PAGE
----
Exploration and production of oil or gas in protected nature areas require a comprehensive and flexible approach in order to adapt the project to the specificity of the respective conservation objectives. Approvability can only be achieved if all reasonable technical and logistic alternatives, which are able to minimize the environmental impact, are exhausted. These principles are illustrated by experiences from 10 years of handling different projects within Germany’s largest oil field located within a Wadden sea national park: the laying of two pipelines and two sea power cables, the establishment of extensive scour protection and the preparatory planning for four exploration wells.

All projects had to be assessed against the conservation objectives of different regimes: national park, biosphere reserve, nationally protected habitat, European Habitat Directive, European Bird Directive, special species protection and – since 2009 – UNESCO world heritage site. The examples illustrate in which way the technical and logistic concepts were – sometimes radically – changed and adapted to the conservation needs of the area. The main topics to be addressed were:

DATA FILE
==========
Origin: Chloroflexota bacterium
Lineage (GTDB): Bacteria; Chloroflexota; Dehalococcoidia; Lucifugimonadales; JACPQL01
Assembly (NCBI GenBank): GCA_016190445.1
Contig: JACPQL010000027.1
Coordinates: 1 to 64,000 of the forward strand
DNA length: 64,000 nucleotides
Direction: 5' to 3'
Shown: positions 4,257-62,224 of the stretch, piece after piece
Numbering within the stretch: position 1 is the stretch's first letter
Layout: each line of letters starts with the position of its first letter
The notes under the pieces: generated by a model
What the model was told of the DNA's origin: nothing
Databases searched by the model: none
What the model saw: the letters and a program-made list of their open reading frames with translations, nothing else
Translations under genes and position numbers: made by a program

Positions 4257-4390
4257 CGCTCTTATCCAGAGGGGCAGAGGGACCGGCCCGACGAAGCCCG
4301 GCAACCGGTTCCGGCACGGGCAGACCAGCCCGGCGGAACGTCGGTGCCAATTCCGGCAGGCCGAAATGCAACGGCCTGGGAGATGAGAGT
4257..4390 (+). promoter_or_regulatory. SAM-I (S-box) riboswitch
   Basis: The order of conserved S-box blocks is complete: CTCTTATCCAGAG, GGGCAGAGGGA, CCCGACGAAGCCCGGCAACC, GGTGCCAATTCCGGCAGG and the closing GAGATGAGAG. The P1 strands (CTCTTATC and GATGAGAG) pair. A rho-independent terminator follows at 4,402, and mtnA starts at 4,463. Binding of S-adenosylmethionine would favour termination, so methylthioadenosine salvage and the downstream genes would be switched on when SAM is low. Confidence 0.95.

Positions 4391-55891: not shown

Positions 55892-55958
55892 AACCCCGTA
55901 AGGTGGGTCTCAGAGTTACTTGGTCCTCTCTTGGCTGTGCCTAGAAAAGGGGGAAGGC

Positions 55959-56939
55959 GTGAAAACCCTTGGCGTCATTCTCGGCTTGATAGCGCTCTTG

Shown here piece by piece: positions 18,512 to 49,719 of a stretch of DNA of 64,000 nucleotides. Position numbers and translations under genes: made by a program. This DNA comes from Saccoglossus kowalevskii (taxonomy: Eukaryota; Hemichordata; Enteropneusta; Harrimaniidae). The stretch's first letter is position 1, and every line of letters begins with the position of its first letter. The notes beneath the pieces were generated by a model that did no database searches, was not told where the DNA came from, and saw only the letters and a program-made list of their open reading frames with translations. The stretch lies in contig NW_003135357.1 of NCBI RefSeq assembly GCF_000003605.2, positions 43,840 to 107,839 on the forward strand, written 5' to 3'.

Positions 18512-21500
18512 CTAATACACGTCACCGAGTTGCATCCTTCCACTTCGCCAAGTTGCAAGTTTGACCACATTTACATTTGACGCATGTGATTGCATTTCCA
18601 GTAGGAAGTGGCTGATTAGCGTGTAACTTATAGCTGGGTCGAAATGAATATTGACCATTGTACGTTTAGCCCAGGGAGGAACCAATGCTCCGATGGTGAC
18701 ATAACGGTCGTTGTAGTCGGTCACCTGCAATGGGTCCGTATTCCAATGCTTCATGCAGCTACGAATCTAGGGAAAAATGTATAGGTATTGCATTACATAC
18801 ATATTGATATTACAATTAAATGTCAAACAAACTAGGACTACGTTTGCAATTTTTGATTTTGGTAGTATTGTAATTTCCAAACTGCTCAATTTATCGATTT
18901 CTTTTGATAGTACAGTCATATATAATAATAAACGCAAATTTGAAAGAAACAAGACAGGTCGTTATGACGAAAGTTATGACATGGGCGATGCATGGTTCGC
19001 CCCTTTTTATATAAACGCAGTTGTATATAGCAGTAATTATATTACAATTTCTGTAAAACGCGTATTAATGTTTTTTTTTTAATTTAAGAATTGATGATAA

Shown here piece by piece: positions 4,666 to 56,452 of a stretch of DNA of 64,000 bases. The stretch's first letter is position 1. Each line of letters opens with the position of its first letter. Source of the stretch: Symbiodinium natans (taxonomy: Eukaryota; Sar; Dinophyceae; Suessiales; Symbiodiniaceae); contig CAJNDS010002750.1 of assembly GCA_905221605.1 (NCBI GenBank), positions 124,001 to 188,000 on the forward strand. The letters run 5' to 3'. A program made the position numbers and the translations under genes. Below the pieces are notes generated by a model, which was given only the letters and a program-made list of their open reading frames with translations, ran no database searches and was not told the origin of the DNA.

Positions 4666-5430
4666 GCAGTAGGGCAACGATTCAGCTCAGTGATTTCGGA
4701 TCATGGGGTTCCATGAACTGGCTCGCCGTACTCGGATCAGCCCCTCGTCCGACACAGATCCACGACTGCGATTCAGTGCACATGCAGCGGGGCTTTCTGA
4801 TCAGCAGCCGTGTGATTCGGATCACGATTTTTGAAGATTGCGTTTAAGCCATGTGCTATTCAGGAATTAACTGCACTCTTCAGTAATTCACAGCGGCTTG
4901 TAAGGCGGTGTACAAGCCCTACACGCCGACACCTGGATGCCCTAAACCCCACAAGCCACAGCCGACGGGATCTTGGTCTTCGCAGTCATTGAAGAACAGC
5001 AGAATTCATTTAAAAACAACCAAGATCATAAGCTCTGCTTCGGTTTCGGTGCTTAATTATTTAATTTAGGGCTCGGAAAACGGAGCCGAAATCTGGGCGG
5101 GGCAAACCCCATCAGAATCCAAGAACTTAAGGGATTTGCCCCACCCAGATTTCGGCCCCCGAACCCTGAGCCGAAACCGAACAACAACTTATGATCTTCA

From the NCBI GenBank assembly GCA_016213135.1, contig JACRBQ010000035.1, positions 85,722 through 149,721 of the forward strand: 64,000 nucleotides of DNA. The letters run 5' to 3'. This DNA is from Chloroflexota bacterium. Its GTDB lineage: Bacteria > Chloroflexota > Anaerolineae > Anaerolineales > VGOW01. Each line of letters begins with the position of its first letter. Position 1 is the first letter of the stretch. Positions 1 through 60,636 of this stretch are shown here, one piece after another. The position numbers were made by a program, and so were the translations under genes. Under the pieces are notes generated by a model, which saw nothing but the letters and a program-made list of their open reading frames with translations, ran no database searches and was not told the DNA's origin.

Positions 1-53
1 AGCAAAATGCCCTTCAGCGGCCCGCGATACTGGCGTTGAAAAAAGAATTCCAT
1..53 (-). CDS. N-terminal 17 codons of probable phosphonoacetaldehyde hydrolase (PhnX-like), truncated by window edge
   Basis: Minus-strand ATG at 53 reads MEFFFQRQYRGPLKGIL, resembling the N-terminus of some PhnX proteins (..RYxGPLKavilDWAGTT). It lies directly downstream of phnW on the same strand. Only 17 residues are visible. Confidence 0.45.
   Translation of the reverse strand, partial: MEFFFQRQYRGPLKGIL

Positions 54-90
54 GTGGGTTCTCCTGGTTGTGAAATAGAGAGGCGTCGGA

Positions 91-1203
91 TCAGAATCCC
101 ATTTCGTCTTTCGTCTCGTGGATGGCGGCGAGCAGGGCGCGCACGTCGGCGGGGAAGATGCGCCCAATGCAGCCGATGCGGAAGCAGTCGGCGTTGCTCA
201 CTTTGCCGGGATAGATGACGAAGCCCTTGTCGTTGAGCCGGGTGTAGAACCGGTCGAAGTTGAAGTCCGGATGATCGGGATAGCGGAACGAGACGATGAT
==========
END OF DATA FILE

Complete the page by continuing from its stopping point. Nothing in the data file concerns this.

Strict avoidance of any contamination of the environment (zero discharge principle)

Avoidance of sensitive periods,

Avoidance of raising soil temperature more than two Kelvin,

Minimization of area use

Extensive monitoring

Implementation of compensation measures (revitalization of salt marshes)

These examples of good practice show how an environmental optimization of projects can lead to successful application procedures (even confirmed in court cases). Thus it can enable the exploration and production of oil or gas in protected and environmentally highly sensitive areas. In this way environmental impact assessments should not be seen as static evaluations but rather as a process during which a project is adapted and optimized towards approvability.

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